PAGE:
Thursday, June 23, 2011

Game and Simulation, Part 2

In the last post I pointed out that every MMORPG can be judged from a gameplay as well as from a simulation point of view. For the game designer it is desirable to make the game the best possible simulation, while also using the best possible gameplay.

To that end, the developer should chose the simulation in a way that it allows for the best possible gameplay. For example, instead of allowing players to drink potions while they are in the middle of combat and have two swords in their hands, just give them healing runes, engraved in the swords. This is exactly the same gameplay, but a better simulation.
Another example are the already mentioned shields that recharge fast, instead of allowing every player to rapidly heal his health.

Sometimes there are no good simulations available or an IP doesn't allow them. In that case, the gameplay should be changed to be as compatible as possible with the simulation.
One example are death penalties. Often a constant "I live again" doesn't make sense from a simulation point of view. But a harsh death penalty is unbearable from a gameplay point of view. To solve this problem one needs to understand the pure gameplay value of death: clear feedback.

The clear feedback can be moved into a sub-activity of combat. For example, the player can have a fast-reloading shield and ten life-points. When the shield drops he starts losing life-points. To lose one life-point is clear feedback that can be supplied reasonably often, without the player actually dieing. To recharge life points, the player can be forced to wait some time between combat.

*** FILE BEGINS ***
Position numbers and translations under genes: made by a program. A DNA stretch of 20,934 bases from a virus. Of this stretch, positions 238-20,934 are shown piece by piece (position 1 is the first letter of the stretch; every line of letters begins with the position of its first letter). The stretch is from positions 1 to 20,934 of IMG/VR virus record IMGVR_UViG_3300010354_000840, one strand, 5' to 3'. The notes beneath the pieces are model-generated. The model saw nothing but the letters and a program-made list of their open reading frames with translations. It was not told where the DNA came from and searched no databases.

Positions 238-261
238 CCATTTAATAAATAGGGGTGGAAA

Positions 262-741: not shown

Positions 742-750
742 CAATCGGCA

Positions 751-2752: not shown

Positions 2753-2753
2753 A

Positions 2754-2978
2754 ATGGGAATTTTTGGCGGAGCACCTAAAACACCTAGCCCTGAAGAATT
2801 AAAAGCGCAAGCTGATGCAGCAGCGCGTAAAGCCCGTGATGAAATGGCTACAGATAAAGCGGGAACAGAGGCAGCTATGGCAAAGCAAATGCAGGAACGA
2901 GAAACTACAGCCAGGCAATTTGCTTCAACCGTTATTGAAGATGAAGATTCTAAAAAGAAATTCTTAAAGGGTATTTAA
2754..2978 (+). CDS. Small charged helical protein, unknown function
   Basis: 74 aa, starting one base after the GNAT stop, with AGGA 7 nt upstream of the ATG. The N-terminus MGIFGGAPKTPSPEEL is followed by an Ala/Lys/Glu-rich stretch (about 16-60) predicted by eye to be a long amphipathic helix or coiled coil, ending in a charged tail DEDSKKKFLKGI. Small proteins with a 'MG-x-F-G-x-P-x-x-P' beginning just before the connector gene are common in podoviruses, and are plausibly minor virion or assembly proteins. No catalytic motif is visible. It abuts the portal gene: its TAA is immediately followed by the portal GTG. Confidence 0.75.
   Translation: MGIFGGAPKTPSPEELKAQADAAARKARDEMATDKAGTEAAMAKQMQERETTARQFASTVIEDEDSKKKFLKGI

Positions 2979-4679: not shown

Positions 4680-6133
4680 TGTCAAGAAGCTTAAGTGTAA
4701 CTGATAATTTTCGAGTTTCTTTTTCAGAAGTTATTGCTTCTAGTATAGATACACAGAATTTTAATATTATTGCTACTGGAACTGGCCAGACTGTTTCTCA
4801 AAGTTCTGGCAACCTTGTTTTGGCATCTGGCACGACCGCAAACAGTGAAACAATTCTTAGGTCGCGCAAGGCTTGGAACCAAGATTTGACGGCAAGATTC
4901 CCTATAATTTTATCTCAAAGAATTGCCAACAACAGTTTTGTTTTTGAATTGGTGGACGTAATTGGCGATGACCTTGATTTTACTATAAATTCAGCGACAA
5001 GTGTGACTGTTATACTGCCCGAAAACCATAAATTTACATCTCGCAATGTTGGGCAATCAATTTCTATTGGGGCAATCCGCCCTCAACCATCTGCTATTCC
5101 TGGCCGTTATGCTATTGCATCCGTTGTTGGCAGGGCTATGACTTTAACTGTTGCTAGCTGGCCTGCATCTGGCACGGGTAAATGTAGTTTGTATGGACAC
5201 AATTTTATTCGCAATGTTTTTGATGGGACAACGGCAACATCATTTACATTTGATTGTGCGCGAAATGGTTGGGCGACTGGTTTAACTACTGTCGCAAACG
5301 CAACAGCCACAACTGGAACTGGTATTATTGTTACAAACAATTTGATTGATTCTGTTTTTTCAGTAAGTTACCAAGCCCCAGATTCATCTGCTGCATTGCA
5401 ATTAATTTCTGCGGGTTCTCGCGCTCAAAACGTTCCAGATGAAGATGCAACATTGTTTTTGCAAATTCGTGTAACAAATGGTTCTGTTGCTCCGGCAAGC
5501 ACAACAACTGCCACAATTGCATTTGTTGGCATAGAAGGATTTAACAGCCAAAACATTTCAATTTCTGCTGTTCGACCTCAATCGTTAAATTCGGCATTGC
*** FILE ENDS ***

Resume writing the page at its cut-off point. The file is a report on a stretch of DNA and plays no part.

This way, the player is penalized for losing the shield, but the penalty can be designed to be trivial, while still compatible with the simulation. It is much better than just using a shield (=health bar).
The loss of a life-point has to be made dramatic by visuals and audio.

If this game is reasonably easy, the player never runs into the problem of actually dieing, which allows the designer to use a rather harsh death penalty that is compatible with the simulation, but doesn't hurt the gameplay.

If the designer wants to empathize the fear of death, mobs can be allowed to have a very small chance to outright kill players that lose the shield. This is terrible gameplay, but, by definition, happens very rarely and is thus tolerable. Players need to be very aware of this mechanic. So aware indeed, that they fear it a lot more than the probability justifies.

The fact that this is terrible gameplay almost helps here, because players hate to be killed unexpectedly fast; it feels so unfair! But no players rage quit, because it happens so very rarely. In fact, since they survive a dropped shield all the time, the players constantly consider themselves lucky. In the very few cases in which they do die, the game needs to communicate clearly what happened. A manipulated RNG that prevents dieing to this too often in a short period of time can also be useful.

In general, the trick is to hide the gameplay inside the simulation. Without knowing, the player plays an engaging game. But he feels immersed into the simulation, because the abstract gameplay is hidden from him.

No comments:

Post a Comment